Midsummer Night's Dream Contradictions Analysis

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Some of the Characters Contradicts Themselves A Midsummer Night’s Dream is one of Shakespeare’s dramas that explore how love can change people’s behavior. Love can make people get the best of them and also it can force them to act the worst. Lovers sometimes contradict themselves with different situations. Throughout William Shakespeare ‘s play A Midsummer Night’s Dream, it is emphasized that love most of the times is illogic, childish and depends mainly upon looks and attractiveness or upon love potion that charm the eyes, but along the way there are certain contradictions in some of his characters’ behavior while expressing their love towards each other.
Dream like quality of love that Shakespeare may believe in is obvious in different
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Theseus described lovers as “Madmen”. Helena was the character that really showed this aspect of love. She always felt ashamed and she always blamed herself for loving Demetrius despite his bad treatment to her and his love towards her friend Hermia. Nevertheless, she is still loyal to their old promises. She cannot find explanations for his abundance as she knows that she is as beautiful as Hermia but she also believes that “Love said to be a child, because in choice he is so oft beguiled.” In her article Discordia Concors on the Order of A Midsummer Night’s Dream, Jane Brown contrasts Helena and Hermia’s conviction about love when she writes,” Helena insists on the blindness of love.” That is to say, she gives herself the excuses to act that recessively when she believes that her heart is forced to do so and she has to follow it. Same thing with Demetrius, his heart is blind and he is helpless in following it. Accordingly, she deprived herself from dignity and wished that he can use her as his “Spaniel”. Moreover, she humiliated herself more when she pursued him in the woods although she declares that women “Should be wooed, and were not made to woo.” Later on in the next act and after the love potion was dripped in Demetrius eyes, Helena gets so mad when he complimented her as a “Goddess, nymph, perfect, divine!” She protests,” Never did mockers waste more idle breath.” This contradicts her…show more content…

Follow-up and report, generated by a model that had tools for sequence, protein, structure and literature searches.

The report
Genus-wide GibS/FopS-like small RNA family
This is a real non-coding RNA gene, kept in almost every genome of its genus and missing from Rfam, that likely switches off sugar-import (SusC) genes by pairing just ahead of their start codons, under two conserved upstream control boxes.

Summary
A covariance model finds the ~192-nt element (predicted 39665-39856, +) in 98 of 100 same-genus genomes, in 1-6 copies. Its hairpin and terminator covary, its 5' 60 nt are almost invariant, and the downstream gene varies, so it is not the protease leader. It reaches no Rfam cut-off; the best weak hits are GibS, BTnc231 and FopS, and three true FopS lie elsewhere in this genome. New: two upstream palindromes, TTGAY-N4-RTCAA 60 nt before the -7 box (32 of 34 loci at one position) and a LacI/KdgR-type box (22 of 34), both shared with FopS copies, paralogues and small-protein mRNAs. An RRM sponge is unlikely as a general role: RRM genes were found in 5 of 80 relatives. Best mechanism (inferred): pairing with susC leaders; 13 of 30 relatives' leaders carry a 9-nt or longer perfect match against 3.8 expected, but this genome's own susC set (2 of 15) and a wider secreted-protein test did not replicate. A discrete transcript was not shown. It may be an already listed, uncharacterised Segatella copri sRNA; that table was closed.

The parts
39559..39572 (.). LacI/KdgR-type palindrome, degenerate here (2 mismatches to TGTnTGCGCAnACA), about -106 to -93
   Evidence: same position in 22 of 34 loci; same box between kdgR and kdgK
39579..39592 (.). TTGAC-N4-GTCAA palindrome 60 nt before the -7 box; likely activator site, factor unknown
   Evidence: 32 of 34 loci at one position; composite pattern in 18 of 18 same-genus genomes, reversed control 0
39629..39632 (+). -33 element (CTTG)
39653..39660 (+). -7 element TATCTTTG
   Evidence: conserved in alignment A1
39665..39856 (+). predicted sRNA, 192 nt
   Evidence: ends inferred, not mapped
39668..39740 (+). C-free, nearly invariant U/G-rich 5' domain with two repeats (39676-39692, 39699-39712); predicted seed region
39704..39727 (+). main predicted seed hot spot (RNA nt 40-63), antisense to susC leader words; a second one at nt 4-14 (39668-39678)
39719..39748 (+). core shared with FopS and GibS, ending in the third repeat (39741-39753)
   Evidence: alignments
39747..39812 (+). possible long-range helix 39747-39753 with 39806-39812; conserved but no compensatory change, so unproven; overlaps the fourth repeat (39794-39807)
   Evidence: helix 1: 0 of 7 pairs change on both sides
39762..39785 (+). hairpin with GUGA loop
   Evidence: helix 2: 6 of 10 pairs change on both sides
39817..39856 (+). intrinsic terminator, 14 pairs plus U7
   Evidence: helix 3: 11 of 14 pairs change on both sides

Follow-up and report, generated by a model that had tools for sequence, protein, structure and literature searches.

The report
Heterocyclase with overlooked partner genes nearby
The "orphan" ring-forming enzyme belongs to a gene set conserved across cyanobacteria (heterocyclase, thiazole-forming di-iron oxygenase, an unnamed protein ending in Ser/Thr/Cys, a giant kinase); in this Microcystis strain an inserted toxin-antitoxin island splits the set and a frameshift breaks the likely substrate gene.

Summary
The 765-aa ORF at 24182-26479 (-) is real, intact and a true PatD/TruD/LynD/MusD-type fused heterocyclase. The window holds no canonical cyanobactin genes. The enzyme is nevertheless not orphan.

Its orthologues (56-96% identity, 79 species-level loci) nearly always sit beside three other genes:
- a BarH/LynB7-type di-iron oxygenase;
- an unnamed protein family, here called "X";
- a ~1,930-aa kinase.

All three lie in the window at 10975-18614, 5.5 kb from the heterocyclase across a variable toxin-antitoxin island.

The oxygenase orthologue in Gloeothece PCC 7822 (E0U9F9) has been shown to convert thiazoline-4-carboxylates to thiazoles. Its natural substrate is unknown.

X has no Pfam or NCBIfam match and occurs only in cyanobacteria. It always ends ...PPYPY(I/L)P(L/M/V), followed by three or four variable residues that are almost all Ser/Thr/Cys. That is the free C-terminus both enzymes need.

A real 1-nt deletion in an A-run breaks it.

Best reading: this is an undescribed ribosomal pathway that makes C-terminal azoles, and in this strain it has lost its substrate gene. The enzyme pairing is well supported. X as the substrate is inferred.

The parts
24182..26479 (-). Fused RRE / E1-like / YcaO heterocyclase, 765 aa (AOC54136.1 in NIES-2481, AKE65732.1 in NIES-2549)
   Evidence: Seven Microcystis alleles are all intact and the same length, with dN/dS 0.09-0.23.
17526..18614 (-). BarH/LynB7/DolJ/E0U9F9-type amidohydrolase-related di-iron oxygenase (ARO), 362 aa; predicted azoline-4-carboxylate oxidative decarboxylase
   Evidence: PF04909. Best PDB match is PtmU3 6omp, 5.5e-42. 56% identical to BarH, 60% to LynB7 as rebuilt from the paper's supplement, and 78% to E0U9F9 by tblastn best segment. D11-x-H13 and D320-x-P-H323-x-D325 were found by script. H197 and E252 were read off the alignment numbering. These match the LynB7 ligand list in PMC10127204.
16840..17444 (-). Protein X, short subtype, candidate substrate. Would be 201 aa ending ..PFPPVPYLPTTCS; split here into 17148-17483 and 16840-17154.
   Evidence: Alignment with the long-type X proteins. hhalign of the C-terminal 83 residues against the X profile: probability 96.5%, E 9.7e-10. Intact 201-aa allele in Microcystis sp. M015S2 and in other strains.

She refuses this marriage proposal in a bold and courageous speech as she declares, “My soal consents not to give sovereignty.” Hermia here is presenting in this play the type of the strong woman who can stand out for her rights in deciding her destiny. Jane Brown, in her article Discordia Concors on the Order of A Midsummer Night’s Dream, agrees when she writes, ”As a nun her love of the divinity would be strictly spiritual.” Moreover, in this drama love was sometimes based on looks, attractiveness and external beauty. Hermia interpreted the sudden change in Lysander’s feelings towards her just because Helena is taller than her and she has fairer skin. In other words, she considers herself less appealing than Helena. This also contradicts her strong personality that some readers admired earlier in the play. In addition, this also contradicts her trust in Lysander himself and his love that gave her the bravery to face her father and Theseus that courageously. My point is not that Hermia stopped trusting Lysander any more, as she accepted to marry him at the end even after his betrayal to their promises when he expressed his love towards her friend Helena. In addition, she “continues to worry about Lysander’s safety even after he has abused and abandoned her.” As explained by
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